Launching a title in the country requires a government licence and, although there are several publications based there, including Al Ittihad, an Arabic-language daily, several UAE publishers have recently been denied licences. Local analysts say a proposed magazine, Arabian Business Standard, was turned down earlier this year.

Ministers in the government of hereditary ruler Sheikh Khalifa bin Zayed al-Nahyan have called on journalists to take advantage of legally sanctioned freedoms. One recently declared that "media institutions that serve only to offer echoes of serving applause are of no value to government or to the people". But much of Abu Dhabi's media is owned or subsidised by the government and lawyers who question the state's human rights record are harassed by the security forces.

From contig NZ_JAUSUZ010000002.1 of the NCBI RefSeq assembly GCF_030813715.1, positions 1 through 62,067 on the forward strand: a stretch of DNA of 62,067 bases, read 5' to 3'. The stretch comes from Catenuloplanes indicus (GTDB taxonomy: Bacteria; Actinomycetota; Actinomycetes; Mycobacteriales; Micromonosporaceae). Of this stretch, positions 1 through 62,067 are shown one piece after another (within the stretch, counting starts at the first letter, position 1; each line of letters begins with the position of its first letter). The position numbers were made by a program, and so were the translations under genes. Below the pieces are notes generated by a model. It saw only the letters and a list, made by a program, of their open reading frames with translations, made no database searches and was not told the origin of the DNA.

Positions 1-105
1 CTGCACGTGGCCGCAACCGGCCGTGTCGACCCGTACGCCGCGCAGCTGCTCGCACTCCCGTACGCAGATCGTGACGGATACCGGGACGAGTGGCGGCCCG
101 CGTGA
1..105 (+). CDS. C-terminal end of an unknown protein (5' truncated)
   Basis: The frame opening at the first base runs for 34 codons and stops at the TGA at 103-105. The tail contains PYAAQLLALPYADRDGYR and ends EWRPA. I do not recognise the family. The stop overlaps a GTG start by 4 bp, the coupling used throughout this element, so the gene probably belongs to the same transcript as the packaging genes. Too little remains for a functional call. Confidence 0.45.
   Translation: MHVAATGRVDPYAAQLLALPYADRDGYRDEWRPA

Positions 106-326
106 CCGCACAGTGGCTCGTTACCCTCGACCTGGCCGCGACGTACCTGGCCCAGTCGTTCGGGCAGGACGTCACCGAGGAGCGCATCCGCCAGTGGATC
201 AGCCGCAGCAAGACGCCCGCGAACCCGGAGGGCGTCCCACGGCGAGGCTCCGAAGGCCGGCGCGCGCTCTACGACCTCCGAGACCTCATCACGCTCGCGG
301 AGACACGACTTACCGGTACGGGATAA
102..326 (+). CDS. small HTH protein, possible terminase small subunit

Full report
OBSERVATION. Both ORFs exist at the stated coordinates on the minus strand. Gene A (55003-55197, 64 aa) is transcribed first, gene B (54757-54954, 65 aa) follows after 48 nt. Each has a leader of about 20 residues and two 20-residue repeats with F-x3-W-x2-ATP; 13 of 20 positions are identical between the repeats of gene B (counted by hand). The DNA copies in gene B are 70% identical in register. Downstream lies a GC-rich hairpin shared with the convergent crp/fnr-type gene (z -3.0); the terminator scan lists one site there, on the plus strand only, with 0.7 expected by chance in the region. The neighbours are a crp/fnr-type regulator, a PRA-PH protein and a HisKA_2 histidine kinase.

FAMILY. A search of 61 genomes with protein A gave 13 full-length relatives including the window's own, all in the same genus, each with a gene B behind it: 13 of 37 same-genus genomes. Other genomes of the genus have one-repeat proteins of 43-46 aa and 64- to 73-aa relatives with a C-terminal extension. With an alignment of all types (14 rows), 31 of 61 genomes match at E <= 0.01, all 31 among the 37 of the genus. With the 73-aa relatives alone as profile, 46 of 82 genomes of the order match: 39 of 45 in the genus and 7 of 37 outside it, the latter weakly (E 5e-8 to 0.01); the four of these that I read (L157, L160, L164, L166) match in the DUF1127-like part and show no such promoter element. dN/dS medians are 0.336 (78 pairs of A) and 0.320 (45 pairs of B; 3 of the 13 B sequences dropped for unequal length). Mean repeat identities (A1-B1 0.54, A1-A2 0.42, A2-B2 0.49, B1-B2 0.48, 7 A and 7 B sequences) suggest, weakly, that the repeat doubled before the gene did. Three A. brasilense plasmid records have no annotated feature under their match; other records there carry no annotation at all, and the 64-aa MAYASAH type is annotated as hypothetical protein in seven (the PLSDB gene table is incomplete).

Martin Newland told Communicate: "If you are going to pick fights you have to be careful of two things. One is that it's the right fight, and two is that you'll win it... I don't think making a name for yourself is by humiliating people or attacking them." Friends and former colleagues fear the intensely honest and straightforward Newland will often have cause to swallow hard and occasionally bite his tongue.

Perhaps he will find solace in his devout but not unquestioning Catholic faith. St Joseph's Catholic Church in Abu Dhabi is a concrete building devoid of glamour, but it exists, and Mass is celebrated there. If the going gets tough it may provide welcome respite.

Tim Luckhurst is professor of journalism at the University of Kent